A Foundation Helps Scientists to Team Up and Explore New, Shared Ideas

 Rachael Arnott/shutterstock

 Rachael Arnott/shutterstock

One strategy with a lot of potential power in philanthropy’s toolbox is the ability to bring together a variety of people and institutions to collaborate in ways they might not otherwise. It’s an especially popular approach in science philanthropy—large, private research supporters like Simons and HHMI hold regular gatherings of scientists to explore certain themes, or otherwise try to facilitate unique collaborations. The hope is that such cross-pollination, especially across disciplines, will lead to new breakthroughs. 

One example of a funder that’s really embraced this approach is the Kavli Foundation. Encouraging collaboration among researchers has been a big focus for Kavli for some time now, but as the foundation has grown in recent years, it's looking to pull that lever even harder. 

Related: With More Cash and a New Home, a Foundation Plots the Future of its Science Funding

One relatively new example of this is the Kavli Dream Team Program, which goes beyond just convening, by offering funding to researchers, often at the intersection of two or more disciplines, to collaborate on a shared idea. Dream Team grant amounts vary, but they're relatively small pilot projects with a “sweet spot” of around $50,000. The program is still in its early stages (you won’t find it on Kavli’s website), but President Robert Conn tells IP that that they have high hopes for what it might accomplish.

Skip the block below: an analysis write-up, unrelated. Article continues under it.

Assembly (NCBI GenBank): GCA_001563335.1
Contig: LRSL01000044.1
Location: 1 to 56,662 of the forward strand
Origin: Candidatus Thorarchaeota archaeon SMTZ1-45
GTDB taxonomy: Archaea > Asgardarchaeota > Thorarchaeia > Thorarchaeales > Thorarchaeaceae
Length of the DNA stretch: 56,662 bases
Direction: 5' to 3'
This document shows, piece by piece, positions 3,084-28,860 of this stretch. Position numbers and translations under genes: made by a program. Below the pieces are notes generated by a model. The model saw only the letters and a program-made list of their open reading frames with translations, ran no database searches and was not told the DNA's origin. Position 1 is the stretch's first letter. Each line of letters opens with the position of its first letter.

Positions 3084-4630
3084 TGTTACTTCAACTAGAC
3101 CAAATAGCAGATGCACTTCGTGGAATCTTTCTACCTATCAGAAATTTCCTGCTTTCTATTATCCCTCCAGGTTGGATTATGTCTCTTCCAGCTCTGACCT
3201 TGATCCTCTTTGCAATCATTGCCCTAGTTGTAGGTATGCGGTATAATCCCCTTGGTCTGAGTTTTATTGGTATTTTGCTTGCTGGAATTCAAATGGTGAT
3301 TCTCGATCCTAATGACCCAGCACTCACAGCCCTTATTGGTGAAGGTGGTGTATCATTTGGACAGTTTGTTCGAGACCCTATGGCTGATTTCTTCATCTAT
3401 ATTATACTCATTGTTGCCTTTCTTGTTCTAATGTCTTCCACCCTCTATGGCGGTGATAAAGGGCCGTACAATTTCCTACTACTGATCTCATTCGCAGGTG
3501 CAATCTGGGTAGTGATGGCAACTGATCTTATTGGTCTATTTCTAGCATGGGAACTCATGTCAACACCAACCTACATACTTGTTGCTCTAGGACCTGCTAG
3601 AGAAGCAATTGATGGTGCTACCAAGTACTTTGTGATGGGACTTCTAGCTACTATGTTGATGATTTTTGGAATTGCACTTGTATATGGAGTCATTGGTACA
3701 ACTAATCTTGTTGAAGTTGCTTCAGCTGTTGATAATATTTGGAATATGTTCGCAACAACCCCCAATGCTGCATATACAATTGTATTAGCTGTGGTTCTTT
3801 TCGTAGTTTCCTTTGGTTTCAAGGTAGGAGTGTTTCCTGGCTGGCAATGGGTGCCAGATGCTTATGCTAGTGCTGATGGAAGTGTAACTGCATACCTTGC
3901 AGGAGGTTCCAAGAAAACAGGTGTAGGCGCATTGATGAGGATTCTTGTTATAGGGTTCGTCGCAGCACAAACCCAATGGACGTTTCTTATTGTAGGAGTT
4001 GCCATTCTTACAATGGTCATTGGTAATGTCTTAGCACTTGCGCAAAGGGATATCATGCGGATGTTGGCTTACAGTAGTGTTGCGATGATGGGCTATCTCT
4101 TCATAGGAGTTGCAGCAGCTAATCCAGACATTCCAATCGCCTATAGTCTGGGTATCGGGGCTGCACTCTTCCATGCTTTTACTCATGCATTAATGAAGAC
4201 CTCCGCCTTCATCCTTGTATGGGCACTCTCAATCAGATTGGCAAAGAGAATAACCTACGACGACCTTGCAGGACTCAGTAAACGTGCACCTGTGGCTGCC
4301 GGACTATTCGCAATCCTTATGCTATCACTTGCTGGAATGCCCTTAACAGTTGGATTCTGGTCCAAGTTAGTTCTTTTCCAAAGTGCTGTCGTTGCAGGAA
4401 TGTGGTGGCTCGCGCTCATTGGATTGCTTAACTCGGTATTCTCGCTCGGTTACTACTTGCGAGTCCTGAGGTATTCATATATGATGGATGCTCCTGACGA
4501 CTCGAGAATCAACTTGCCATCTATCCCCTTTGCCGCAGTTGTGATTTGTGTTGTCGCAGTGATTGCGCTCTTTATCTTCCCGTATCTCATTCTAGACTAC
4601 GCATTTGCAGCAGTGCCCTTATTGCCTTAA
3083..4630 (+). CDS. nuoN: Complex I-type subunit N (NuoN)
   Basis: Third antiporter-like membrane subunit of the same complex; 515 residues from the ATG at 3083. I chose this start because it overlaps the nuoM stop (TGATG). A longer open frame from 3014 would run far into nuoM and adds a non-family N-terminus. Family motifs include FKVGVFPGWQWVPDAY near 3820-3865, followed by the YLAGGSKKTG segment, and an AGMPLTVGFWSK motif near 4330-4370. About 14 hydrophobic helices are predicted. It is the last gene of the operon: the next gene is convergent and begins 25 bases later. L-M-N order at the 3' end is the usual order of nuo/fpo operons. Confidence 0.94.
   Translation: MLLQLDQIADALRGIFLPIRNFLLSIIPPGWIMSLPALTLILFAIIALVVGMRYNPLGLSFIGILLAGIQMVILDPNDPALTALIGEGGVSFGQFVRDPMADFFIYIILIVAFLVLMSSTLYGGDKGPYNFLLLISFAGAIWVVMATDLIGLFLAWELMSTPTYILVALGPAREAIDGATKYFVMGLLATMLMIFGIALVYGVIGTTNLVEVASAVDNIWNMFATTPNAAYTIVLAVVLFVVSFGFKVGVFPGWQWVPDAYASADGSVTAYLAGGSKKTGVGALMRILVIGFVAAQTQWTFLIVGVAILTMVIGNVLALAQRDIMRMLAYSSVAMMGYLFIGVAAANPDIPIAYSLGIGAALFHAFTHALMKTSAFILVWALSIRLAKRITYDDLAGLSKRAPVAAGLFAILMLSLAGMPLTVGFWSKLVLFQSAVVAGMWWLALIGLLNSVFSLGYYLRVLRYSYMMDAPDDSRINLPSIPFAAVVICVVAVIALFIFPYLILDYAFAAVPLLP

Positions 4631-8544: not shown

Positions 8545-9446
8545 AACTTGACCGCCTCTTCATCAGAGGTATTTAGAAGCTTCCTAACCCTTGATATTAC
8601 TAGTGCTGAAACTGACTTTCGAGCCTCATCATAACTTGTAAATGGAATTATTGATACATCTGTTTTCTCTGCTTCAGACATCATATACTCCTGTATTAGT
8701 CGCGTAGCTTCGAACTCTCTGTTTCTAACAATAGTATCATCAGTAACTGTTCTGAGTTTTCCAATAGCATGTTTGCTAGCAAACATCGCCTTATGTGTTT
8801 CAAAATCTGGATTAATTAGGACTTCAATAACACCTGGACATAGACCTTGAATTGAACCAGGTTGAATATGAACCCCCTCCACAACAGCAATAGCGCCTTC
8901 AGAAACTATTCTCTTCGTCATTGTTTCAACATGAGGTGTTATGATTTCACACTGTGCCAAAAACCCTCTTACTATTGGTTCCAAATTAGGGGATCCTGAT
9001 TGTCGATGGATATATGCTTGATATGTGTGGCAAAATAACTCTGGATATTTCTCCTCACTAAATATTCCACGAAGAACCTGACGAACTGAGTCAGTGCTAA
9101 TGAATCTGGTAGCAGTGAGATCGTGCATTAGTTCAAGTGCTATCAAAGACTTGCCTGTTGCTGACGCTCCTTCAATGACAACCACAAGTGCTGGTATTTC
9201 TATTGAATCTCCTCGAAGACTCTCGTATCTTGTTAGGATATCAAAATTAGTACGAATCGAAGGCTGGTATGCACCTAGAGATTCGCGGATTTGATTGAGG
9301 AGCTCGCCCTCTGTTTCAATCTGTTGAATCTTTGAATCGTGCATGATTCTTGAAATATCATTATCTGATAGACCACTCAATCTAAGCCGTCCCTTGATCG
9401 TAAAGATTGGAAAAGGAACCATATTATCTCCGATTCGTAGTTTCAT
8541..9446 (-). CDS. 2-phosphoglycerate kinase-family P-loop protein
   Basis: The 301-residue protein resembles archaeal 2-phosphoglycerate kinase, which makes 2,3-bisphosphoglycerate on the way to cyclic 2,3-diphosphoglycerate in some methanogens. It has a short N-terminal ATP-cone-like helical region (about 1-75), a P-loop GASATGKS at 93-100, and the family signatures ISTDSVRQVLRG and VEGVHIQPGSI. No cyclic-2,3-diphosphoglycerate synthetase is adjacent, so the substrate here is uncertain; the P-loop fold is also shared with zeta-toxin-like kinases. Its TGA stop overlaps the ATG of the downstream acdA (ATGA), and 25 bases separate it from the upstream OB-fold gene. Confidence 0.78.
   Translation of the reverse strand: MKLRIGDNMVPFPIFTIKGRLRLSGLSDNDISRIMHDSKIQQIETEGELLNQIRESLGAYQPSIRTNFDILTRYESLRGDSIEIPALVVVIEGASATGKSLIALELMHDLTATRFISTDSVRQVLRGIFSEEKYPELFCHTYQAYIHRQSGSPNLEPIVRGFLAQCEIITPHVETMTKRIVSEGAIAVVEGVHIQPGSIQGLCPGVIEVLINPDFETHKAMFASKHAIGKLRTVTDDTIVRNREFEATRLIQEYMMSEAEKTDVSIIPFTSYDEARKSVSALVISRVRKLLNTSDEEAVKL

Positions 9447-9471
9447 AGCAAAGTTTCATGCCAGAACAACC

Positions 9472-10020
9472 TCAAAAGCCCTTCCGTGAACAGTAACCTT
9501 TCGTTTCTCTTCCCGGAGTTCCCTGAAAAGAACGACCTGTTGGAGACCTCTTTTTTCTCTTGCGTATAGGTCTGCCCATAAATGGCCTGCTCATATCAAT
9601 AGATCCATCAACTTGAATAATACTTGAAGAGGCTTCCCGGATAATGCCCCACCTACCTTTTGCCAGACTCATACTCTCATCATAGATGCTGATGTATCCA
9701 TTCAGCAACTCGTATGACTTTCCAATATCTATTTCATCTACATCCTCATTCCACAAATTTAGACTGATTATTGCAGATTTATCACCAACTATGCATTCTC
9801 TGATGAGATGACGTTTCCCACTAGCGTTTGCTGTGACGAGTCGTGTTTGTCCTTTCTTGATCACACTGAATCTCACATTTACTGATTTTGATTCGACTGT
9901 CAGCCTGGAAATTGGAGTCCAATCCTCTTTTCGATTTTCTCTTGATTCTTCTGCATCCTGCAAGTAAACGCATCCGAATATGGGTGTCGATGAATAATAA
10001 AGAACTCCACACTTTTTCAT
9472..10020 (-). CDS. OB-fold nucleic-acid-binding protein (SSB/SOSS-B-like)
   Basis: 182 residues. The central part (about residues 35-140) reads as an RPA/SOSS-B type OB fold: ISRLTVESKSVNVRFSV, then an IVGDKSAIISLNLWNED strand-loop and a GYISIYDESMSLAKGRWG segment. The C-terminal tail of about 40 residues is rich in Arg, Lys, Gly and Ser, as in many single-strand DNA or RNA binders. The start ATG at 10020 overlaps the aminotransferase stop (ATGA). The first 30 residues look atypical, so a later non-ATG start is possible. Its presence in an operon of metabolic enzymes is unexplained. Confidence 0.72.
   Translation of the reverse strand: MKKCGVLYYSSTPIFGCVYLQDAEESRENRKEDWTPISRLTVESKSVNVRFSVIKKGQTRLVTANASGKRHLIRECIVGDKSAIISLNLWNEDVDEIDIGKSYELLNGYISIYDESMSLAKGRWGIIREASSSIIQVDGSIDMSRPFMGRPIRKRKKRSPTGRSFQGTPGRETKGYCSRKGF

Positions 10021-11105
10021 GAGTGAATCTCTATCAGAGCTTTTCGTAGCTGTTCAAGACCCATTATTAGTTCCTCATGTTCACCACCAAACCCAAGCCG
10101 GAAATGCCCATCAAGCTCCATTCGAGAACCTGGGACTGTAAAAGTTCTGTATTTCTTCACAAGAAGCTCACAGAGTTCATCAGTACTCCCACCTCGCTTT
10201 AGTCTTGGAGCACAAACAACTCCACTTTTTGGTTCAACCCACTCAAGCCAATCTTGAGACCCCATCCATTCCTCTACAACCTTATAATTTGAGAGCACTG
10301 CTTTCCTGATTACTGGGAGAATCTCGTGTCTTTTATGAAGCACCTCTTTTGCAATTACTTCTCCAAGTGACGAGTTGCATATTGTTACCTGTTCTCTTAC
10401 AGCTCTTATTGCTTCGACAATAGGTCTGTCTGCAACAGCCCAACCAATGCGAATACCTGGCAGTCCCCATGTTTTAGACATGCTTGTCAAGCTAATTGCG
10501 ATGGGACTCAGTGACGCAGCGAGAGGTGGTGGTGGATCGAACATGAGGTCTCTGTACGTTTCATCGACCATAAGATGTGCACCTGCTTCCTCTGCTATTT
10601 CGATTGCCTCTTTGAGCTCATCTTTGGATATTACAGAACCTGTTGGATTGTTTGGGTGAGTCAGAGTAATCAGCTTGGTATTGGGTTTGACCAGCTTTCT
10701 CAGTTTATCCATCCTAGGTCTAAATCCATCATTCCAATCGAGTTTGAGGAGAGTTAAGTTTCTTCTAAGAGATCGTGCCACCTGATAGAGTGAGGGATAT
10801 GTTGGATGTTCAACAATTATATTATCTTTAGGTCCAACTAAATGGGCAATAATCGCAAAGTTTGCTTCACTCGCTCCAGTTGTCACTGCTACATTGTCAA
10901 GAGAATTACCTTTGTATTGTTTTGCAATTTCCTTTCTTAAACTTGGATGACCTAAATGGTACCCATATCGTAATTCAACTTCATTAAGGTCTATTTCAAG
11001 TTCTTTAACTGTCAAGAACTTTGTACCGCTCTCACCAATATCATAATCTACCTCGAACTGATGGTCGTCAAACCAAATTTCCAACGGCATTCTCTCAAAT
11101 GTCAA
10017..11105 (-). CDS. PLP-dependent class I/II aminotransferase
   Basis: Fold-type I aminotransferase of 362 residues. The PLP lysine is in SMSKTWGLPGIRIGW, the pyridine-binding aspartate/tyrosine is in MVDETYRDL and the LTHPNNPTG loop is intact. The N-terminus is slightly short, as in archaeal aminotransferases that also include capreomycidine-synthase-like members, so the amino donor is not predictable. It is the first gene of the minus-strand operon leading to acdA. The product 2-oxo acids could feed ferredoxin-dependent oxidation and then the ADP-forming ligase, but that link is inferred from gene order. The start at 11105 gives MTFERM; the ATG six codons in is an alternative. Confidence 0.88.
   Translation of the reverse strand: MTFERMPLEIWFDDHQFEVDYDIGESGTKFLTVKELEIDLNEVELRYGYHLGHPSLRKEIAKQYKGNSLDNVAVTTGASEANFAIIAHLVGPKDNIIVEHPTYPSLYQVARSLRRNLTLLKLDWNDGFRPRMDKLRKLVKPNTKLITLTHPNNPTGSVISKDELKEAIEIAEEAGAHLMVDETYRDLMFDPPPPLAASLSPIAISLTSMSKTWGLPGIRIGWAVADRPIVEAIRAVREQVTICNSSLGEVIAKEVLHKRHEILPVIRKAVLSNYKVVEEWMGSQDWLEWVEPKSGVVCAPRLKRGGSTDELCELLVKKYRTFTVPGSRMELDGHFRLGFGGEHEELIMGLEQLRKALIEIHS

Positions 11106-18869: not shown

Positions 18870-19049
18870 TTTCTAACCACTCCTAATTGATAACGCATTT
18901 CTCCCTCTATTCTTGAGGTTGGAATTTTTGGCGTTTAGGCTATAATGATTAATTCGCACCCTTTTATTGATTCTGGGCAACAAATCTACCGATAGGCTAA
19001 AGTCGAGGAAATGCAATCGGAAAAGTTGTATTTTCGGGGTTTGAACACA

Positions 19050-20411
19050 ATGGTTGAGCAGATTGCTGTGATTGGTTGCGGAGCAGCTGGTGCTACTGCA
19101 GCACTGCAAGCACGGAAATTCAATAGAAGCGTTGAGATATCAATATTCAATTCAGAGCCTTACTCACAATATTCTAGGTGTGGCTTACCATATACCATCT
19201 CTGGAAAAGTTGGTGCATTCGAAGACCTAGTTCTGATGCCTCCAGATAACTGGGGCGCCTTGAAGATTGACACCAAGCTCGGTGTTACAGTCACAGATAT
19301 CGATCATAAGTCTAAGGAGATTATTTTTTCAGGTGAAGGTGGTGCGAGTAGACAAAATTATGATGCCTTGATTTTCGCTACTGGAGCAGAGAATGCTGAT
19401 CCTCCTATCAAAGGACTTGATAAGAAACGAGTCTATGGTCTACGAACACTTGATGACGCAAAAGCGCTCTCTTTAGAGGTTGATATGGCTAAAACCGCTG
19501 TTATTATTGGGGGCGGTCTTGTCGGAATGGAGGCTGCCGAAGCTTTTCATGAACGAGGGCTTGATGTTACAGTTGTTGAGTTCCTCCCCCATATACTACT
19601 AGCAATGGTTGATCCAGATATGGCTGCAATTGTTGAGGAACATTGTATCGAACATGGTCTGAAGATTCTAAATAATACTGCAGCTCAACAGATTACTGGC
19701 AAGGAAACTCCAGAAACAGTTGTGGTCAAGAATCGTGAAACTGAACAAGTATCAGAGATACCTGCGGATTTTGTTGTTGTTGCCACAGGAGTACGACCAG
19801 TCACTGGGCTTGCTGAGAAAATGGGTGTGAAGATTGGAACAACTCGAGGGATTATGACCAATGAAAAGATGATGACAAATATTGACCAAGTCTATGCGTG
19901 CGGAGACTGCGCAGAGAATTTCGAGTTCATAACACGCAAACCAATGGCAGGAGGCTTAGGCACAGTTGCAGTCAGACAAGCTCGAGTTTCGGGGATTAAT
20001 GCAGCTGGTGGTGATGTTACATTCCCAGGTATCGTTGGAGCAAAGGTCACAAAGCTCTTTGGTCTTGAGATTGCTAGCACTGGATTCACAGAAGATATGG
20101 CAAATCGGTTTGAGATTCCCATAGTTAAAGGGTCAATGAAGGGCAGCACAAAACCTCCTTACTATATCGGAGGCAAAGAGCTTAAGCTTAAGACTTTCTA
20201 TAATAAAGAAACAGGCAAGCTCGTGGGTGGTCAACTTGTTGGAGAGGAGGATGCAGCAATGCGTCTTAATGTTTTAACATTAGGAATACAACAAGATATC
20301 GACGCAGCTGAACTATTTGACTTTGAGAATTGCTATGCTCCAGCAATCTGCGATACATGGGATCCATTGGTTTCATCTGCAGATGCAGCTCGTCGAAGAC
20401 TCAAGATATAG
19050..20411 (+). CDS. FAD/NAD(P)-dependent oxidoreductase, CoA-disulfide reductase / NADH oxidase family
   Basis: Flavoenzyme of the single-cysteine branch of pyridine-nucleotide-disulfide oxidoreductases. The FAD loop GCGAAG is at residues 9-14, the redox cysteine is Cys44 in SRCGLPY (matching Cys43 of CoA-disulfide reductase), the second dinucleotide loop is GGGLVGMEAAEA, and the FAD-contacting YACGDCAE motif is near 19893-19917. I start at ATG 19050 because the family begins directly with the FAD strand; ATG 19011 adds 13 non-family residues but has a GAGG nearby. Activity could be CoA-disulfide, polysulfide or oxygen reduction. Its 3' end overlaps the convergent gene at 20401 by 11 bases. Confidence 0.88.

The Dream Team Program is a logical extension of Kavli’s series of regular convenings, which take many forms around multiple subjects. While the foundation is probably better known for the Kavli Prizes, or Kavli Institutes, these gatherings of researchers have also been fruitful. In fact, the foundation is credited in part with the development of the BRAIN Initiative via these meetings, coordinated at the time by former VP of science programs Miyoung Chun.

The foundation has been building out some of its programs since founder Fred Kavli passed in 2013, as more than 95 percent of his estate transferred to philanthropy. Its assets have about tripled since, and annual giving has more than doubled. One area that’s expanding is its convening efforts, and Kavli’s even building a brand new conference center connected to its headquarters in Los Angeles. 

While Dream Team grants don’t necessarily spring directly from these meetings, the program is a continuation of the idea that connecting researchers from different disciplines can yield exciting results. Another key principle behind it is that Kavli can throw some money at the kind of very early project that may not yield anything more easily than your average government agency could. As Conn describes it, this is a form of providing “free energy” to scientists.

One early example of a Dream Team grant focuses on neuroscience, a field that is becoming increasingly interdisciplinary. The grant backed a collaborative pilot project between Dr. Euisik Yoon, professor of electrical engineering and computer science, and biomedical engineering at University of Michigan, and Dr. György Buzsáki, professor of neuroscience at the New York University School of Medicine. Funds supported the development of a tiny new probe that can be used to measure brain activity. 

This is a unique program for Kavli, because the foundation doesn’t make project grants, for the most part. Most of its funding goes toward endowing research institutes and to the winners of the Kavli Prizes. It still doesn’t involve RFPs or an open call for applications, something we’d like to see in some form as this key science funder continues to evolve. But even in its early stages, it’s a compelling diversion from its main programs, and an embrace of risk that could yield a big bang for buck.